Uganda/Rwanda: Forcible Return Raises Grave Concerns: Rwandan Government Should Ensure Returnee’s Safety, Fair Trial

(Nairobi) – A Rwandan refugee who had served as a bodyguard for Rwandan President Paul Kagame was forcibly returned by Ugandan police to Rwanda after going missing on October 25, 2013. His whereabouts were unknown for six days. The man, Joel Mutabazi, is now in police custody inRwanda, in an undisclosed location.

Mutabazi had survived a bungled abduction inUganda in August as well as an assassination attempt in July 2012, in both cases by unknown perpetrators. The Ugandan police were informed about all these incidents and had agreed to provide him with 24-hour security.

Ugandan authorities have said they are investigating the incident and have suspended the Ugandan police officer who arrested Mutabazi and erroneously handed him over to the Rwandan authorities, according to a government statement.

“The Ugandan police have utterly failed to protect this refugee, who was clearly at serious risk,” saidDaniel Bekele, Africa director. “It’s unconscionable that they handed him over summarily to the police force of the country whose persecution he fled.”

Rwandan and Ugandan authorities claim that Mutabazi is accused of terrorism and other offences in Rwanda, and was the subject of an international arrest warrant issued by Rwanda. But the Ugandan government statement admits that handing Mutabazi to Rwanda without any court proceedings is contrary to its “established legal procedure” and the “Police Code of Conduct.”

The Ugandan authorities should immediately put in place effective measures to protect Rwandan refugees and asylum seekers, particularly those whose security is at risk. The Ugandan authorities should urgently complete the investigation they have announced into Mutabazi’s handover to Rwanda and publish its findings without delay.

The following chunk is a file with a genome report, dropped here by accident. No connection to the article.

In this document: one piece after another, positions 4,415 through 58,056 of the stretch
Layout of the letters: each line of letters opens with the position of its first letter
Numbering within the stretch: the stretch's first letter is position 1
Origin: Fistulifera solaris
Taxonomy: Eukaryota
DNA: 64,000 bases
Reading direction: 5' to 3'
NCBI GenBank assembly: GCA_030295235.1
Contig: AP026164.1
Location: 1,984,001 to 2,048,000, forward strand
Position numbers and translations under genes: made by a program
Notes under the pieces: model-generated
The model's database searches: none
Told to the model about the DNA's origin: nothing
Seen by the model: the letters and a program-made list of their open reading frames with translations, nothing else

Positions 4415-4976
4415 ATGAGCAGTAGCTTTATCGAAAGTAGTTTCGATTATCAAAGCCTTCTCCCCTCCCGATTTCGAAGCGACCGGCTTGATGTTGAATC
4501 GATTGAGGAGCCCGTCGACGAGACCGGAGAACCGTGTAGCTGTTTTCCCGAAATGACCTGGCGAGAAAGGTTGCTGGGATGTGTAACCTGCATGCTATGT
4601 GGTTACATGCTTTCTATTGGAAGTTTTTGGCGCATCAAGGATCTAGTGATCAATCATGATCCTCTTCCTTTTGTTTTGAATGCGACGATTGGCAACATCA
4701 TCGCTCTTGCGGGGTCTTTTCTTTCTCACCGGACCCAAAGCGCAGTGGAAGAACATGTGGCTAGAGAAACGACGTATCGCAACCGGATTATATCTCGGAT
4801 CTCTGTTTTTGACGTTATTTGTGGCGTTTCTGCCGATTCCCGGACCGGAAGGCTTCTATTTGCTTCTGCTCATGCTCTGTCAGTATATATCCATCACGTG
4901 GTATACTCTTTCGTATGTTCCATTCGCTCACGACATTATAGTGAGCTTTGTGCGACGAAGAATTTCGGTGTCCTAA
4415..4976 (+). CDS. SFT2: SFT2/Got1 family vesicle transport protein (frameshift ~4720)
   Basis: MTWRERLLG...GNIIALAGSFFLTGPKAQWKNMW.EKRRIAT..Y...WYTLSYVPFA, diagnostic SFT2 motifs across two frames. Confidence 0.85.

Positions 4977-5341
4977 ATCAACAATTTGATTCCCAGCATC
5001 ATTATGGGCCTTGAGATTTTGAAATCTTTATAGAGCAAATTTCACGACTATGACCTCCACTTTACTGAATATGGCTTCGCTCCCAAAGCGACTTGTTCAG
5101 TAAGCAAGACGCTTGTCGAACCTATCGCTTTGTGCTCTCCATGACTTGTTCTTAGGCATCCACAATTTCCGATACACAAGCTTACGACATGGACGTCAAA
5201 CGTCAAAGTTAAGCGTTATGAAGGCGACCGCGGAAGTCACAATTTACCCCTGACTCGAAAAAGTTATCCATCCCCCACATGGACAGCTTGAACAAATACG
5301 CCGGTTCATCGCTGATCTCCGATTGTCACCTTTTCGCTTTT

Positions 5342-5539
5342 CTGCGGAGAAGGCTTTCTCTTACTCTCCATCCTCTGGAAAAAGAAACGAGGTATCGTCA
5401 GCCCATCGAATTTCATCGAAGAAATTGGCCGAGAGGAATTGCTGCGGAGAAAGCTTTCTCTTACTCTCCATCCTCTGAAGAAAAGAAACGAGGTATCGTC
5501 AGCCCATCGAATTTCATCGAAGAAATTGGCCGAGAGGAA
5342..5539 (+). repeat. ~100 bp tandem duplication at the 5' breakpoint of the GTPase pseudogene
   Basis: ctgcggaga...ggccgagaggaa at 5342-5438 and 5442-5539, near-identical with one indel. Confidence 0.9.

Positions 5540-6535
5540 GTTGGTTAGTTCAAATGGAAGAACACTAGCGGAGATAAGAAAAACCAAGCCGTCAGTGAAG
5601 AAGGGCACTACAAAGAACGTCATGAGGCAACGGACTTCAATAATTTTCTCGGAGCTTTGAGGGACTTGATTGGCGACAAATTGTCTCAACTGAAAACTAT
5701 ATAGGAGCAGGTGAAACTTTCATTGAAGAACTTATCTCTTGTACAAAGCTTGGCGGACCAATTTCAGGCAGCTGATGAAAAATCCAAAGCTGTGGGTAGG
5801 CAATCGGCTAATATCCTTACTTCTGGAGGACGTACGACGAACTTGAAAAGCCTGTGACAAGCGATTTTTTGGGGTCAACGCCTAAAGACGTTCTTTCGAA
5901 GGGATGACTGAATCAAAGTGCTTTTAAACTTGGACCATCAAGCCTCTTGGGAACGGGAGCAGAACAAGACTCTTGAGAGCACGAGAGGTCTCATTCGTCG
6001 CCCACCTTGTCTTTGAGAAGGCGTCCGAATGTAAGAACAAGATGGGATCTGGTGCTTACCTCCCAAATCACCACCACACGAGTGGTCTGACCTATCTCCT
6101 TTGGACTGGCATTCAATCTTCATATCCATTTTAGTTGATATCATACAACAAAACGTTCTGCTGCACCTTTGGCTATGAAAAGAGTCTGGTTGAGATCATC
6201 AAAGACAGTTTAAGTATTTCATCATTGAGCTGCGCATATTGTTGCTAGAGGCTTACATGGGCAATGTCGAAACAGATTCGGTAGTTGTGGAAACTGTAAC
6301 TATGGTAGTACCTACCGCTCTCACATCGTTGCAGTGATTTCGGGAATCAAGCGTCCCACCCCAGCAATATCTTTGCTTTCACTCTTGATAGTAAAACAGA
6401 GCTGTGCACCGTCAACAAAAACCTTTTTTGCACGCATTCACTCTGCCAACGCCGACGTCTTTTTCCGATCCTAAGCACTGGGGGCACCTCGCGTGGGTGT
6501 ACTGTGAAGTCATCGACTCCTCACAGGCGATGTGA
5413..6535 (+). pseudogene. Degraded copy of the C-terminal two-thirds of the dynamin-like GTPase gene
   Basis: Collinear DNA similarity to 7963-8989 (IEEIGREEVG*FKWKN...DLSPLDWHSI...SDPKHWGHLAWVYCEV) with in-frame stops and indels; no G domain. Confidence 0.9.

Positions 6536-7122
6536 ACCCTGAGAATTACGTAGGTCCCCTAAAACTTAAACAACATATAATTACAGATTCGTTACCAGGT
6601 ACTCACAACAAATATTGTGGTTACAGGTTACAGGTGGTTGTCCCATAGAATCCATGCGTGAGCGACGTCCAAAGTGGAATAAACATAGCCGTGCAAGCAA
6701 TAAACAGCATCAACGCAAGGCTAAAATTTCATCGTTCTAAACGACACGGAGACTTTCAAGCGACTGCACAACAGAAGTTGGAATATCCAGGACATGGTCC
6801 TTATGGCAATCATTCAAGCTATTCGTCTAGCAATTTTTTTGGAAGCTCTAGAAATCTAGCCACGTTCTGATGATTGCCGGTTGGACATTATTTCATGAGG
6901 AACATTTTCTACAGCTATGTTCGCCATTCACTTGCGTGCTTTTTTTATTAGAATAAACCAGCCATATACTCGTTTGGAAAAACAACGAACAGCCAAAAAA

<p>Joel Mutabazi, a former bodyguard for Rwandan President Paul Kagame, in Kampala, Uganda, in 2012.</p>Mutabazi should be transferred back to Uganda and subject to a formal extradition procedure in a Ugandan court, including consideration of the human rights implications of the transfer and his refugee status.

“Uganda had granted Mutabazi refugee status in 2011, which means his risk of persecution in Rwanda had been established and recognized,” Bekele said. “If Uganda is serious about remedying the error of handing him over to Rwanda without any legal process, they should ask the Rwandan authorities to return him and allow the Ugandan courts to decide the extradition request.”

Mutabazi was first arrested in Rwanda in 2010. According to sources interviewed by Human Rights Watch, the government accused him of being close to General Kayumba Nyamwasa, a prominent Rwandan government opponent exiled in South Africa. Mutabazi was detained incommunicado for several months in a military camp in Rwanda and there is credible evidence he was tortured.

In 2011 Mutabazi fled Rwanda and sought asylum in Uganda, where he was granted refugee status in October 2011. On July 12, 2012, a man armed with a gun came to his house in Kasangati, a suburb of Kampala, and fired at Mutabazi, but missed him. After this incident, the Ugandan government and the office of the United Nations High Commissioner for Refugees (UNHCR) arranged for Mutabazi to be placed under police protection in a guesthouse in a different area.

On August 20, 2013, a group of armed men, some in Ugandan police uniforms, others in civilian clothes, abducted Mutabazi from the guesthouse, forced him into a car, and drove off with him. Some of the men in the car were speaking Kinyarwanda, the language of Rwanda, Mutabazi has said. Mutabazi was released the same day, after senior Ugandan government and police officials intervened.

The Ugandan authorities and the UNHCR then arranged to move Mutabazi to a different location, where he was under 24-hour police protection. It was from this second location that he disappeared on October 25.

Human Rights Watch wrote to the Ugandan inspector general of police, General Kale Kayihura, on October 30 for an explanation of Mutabazi’s disappearance, and tried to call him, but has not received a reply. The Ugandan police spokesperson refused to discuss the case when contacted by telephone and referred Human Rights Watch back to General Kayihura.

On October 31, the Rwandan police announced that Mutabazi was in their custody. In a public statement, they said the Ugandan authorities had handed him over because he was wanted for terrorism and other crimes in Rwanda.